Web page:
NBC’s “Saturday Night Live” is officially over-the-hill — so what do you get the sketch comedy show that has everything for its 40th birthday? Based on TheWrap‘s study of the NBC staple’s historical Nielsen numbers, we’re willing to bet that Lorne Michaels would gladly take better ratings.
“SNL” hit its high note from an eyeball-measuring perspective during the 1978-1979 season — the sketch comedy show’s fifth run — which averaged a 13.5 household rating. Today, the show gets roughly one-third of that gaudy number, even counting the time-shifted viewing that didn’t exist for about 30 years of its existence.
The early seasons’ “Not Ready for Primetime Players” grew the show’s ratings steadily through each of the five years ending the 1970’s, but experienced a big drop when the ’80s hit and the gang broke up. By the generally accepted death of disco, Chevy Chase was long gone, and Dan Aykroyd and John Belushi were New York City memories. Each of the three key players departed for the greener pastures of Hollywood.
They wouldn’t be the last to leave in a Manifest Destiny-esque trip out west to try and turn TV silver into Los Angeles gold: Bill Murray, Jane Curtin, Garrett Morris, Laraine Newman, Gilda Radner, Tom Davis, Al Franken and many other key members departed in 1980, crippling the program temporarily. Since then, the show’s decline has been steady, though with some ebbs and flows along the way.
That said, it is important to note that changing viewing habits overall play a role in the general decline of TV ratings throughout the decade, and “SNL” is no exception. Another piece of TheWrap‘s below chart that bears explanation: Numbers from the key 18-49 demographic were not available until the 1987-1988 season. These won’t be the last qualifiers.
Lorne Michaels‘ iconic 90-minute TV show is currently in its landmark 40th season — an accomplishment that will be celebrated on Sunday with the three-hour “SNL 40” special. While there will be a red carpet and an estimated 200 celebrities, one thing that is unlikely to be toasted over is the show’s current ratings.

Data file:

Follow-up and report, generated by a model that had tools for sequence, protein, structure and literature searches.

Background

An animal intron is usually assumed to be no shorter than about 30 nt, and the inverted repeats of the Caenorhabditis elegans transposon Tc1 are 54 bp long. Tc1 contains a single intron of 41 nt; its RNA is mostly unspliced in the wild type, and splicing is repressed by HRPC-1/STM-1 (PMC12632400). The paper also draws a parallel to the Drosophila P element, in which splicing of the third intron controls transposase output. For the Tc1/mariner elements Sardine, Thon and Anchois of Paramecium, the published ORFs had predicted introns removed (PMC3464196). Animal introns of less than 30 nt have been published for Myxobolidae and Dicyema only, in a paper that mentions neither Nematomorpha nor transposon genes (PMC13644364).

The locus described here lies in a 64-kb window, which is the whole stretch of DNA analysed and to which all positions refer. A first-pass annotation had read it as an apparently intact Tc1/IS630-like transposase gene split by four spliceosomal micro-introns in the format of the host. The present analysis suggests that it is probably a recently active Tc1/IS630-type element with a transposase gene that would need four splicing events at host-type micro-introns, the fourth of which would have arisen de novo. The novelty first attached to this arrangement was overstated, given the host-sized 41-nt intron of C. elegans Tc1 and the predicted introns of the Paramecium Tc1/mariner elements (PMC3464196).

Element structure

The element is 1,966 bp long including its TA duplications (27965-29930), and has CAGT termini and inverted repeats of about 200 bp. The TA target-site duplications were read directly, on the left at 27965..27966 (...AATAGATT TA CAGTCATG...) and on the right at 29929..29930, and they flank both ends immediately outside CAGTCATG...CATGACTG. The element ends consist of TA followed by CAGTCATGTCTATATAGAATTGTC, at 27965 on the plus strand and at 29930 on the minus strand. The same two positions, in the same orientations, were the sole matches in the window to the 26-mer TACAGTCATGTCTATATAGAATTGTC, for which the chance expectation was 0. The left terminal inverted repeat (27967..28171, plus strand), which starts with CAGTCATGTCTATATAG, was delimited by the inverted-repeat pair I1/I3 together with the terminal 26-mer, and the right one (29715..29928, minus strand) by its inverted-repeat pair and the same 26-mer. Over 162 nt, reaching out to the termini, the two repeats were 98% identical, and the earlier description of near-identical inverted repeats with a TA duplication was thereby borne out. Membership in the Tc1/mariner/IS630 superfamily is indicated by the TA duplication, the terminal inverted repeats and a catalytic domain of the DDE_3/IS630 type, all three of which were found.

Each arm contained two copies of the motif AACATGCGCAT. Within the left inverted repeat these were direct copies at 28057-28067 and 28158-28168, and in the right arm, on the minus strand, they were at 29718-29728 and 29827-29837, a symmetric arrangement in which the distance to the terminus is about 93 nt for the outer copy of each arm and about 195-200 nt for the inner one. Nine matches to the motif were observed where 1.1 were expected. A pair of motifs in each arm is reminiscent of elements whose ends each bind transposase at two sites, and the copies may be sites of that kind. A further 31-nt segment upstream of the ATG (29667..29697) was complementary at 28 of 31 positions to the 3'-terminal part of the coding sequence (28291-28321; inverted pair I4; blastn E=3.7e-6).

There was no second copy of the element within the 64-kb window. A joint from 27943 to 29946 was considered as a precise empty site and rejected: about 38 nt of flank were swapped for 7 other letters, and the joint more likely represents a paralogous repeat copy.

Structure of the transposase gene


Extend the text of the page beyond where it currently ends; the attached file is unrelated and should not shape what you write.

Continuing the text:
According to Nielsen’s “most current” metric, which includes Live + 7 Day numbers where available, as you read this, “Saturday Night Live” is experiencing its lowest-rated season ever in the main demo. And it’s not that close either, with the season-to-date 2.7 average falling a full three-tenths of a ratings point beneath 2006-2007’s and 2007-2008’s 3.0 averages.
That said, in the household “most current” rating, the present-time 40th season actually matches 2006-2007 — each with a 4.6 — and 2007-2008 would be the lowest-rated year, averaging a 4.5. Plus, the season isn’t over yet, and theoretically “SNL 40” could spark a ratings resurgence of sorts.
But here’s another asterisk that comes from the mid-2000’s: Nielsen didn’t start counting time-shifted viewing until Dec. 26, 2005, so there was no such thing as Live + 7 Day or “most current” until then, skewing results around that time of early DVR adoption.
Let’s rewind a bit again for another highlight: For those who remember the early-mid ’90s as “SNL’s” “Golden Years,” the ratings sort of reflect that. For the years available, 1992-1993 hit a high in the available key demo, with a 7.1 rating. That year also had the most average viewers from the data set, with 12.7 million. These were the years of Chris Rock, Dana Carvey, Kevin Nealon, Phil Hartman, Chris Farley, David Spade, Adam Sandler and Tim Meadows, among others.
Perhaps not surprisingly, the lowest average viewer total came during the aforementioned 2007-2008 season, with the prior two TV years only slightly higher.
But enough words — look at the graphic below, which only counts original episodes: